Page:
Snowshoeing for a Winter Workout

If You Can Walk, You Can Snowshoe

Snowshoeing
Snowshoeing. Westend61/Getty Images

Snowshoeing is a great way to enjoy a winter walking workout. Unlike cross country skiing or downhill skiing, you don't need lessons. The basic snowshoe walking technique on level ground is simply walking, although you will have a wider stance.

Snowshoe Equipment

Modern snowshoes are narrower, shorter and lighter than the long wooden snowshoes of yore. The bindings pivot to allow you a more natural walking gait.

They spread out your weight so you don't punch down  into the snow with each step (post holing). Snowshoes are widely available for under $100, with some models under $50, far less than ski equipment.

Poles are optional when showshoeing, just as they are optional in hiking. Ski poles can help you maintain balance, but are not necessary. Many trekking poles come with snow baskets, the flange you can add at the end of the pole so it doesn't sink into the snow. You can use them for snowshoeing.

Footwear: You can wear snowshoes with hiking boots, trail running shoes or snow boots. Waterproof or leather footwear are be best for staying dry and warm. Gaiters help keep snow out of your shoes and keep your pants dry.

A ski helmet isn't required as you won't be shushing down slopes at high speed. But if you are going to headed into an area where there may be falling rocks or ice, a helmet is a good idea.

Getting Started Snowshoeing

I went snowshoeing the first time on an outing organized by my gym trainer. We stopped at a ski shop to rent snowshoes on our way up to snowy mountain trails. The cost was under $15 per day, which included ski poles.

The snowshoes went on easily with three straps. It's best to find a dry place to sit to gear up.

I wore the snowshoes with waterproof New Balance trail walking shoes. Once the snowshoes were on, it was easy to move about simply by walking. The only tricky part was when I managed to step one snowshoe onto the other one and trip myself.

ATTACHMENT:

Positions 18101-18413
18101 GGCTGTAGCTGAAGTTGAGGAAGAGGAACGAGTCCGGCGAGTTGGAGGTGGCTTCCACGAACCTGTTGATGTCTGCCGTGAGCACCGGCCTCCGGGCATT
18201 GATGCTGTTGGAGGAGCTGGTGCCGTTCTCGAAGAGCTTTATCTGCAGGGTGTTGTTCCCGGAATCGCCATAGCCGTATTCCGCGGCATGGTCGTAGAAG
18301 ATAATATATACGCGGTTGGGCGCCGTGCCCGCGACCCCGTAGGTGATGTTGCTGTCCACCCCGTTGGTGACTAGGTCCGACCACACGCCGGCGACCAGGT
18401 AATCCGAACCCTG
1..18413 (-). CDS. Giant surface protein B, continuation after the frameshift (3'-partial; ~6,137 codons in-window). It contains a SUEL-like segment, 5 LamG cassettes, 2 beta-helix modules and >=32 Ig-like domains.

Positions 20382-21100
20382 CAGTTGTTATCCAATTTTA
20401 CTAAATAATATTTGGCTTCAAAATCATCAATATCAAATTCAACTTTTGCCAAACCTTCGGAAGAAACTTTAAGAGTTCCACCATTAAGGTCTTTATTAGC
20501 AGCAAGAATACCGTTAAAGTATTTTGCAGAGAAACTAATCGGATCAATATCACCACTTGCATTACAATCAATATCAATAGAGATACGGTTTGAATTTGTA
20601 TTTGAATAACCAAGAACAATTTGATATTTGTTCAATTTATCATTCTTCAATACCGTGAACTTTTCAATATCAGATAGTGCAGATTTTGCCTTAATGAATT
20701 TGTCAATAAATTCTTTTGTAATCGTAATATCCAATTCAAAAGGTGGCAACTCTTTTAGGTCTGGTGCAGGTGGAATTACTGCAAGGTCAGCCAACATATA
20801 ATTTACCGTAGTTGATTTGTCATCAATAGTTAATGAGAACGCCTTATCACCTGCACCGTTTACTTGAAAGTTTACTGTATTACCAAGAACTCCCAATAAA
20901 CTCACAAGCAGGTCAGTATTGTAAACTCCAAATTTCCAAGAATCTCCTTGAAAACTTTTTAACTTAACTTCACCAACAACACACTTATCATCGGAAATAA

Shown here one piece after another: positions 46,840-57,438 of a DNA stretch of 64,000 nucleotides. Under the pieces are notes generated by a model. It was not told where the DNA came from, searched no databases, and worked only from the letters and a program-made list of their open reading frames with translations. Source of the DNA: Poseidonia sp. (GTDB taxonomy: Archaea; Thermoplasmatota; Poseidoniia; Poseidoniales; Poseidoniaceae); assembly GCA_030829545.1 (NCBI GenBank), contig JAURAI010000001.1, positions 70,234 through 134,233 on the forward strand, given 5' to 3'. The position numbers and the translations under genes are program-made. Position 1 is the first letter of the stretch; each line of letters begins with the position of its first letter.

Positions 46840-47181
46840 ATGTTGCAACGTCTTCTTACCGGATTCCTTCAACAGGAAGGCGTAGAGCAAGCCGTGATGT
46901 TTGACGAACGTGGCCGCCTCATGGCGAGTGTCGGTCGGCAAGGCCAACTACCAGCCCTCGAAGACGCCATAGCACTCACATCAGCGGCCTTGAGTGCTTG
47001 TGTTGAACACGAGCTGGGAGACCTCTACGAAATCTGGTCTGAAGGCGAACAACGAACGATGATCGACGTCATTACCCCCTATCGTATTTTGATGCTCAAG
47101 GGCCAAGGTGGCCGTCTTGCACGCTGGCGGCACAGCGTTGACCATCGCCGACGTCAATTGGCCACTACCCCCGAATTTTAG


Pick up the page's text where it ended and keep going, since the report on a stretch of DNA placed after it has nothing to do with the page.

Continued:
Snowshoes grip the snow with built-in crampon spikes at the toe and heel. The spikes allow you to simply walk along without slipping and without using any fancy technique. It is important to plant the snowshoe flat on the surface to get a grip with the crampons.

Going uphill and downhill, you use the same maneuvers as when walking or hiking. On extreme slopes you may want to kick steps into the snow and walk up each step as you create it.

Burning Lots of Calories

Showshoeing can burn over 1000 calories per hour. I certainly felt a good exertion and heated up quickly, shedding layers after the first mile. At that rate of calorie burn, you will sweat no matter what the temperature.

Speed can be surprisingly similar to plain hiking - we covered 2.5 miles in about 50 minutes.

A round trip of five miles with a lunch stop took up only three hours.

The muscles used for snowshoeing are similar to those used in walking and in hiking in hilly terrain. Your hip flexors may feel more of a workout, and your quads may get more exercise than usual in walking due to the lifting motion with each step.

Dressing for Snowshoeing

Layering is important to wick away sweat, keep you insulated and protect you from snow and wind. Your inner layer should be of a wicking fabric. The middle layer should be an insulating layer of wool or fleece. The outer layer should be windproof and either water-resistant or waterproof depending on the climate.

A hat and gloves will help keep you warm. Sunglasses or ski goggles will protect your head and eyes from sun and snow glare. Don't forget the sunscreen - the snow will reflect the rays and burn you faster.

Carry a pack with water, a snack and other hiking essentials. A mobile phone is strongly suggested when hiking on winter trails, although you may be in an area without cell coverage and the battery may not last as long in the cold.

I found snowshoeing a great way to enjoy winter trails without need for lessons. Use it for a great winter walking workout.

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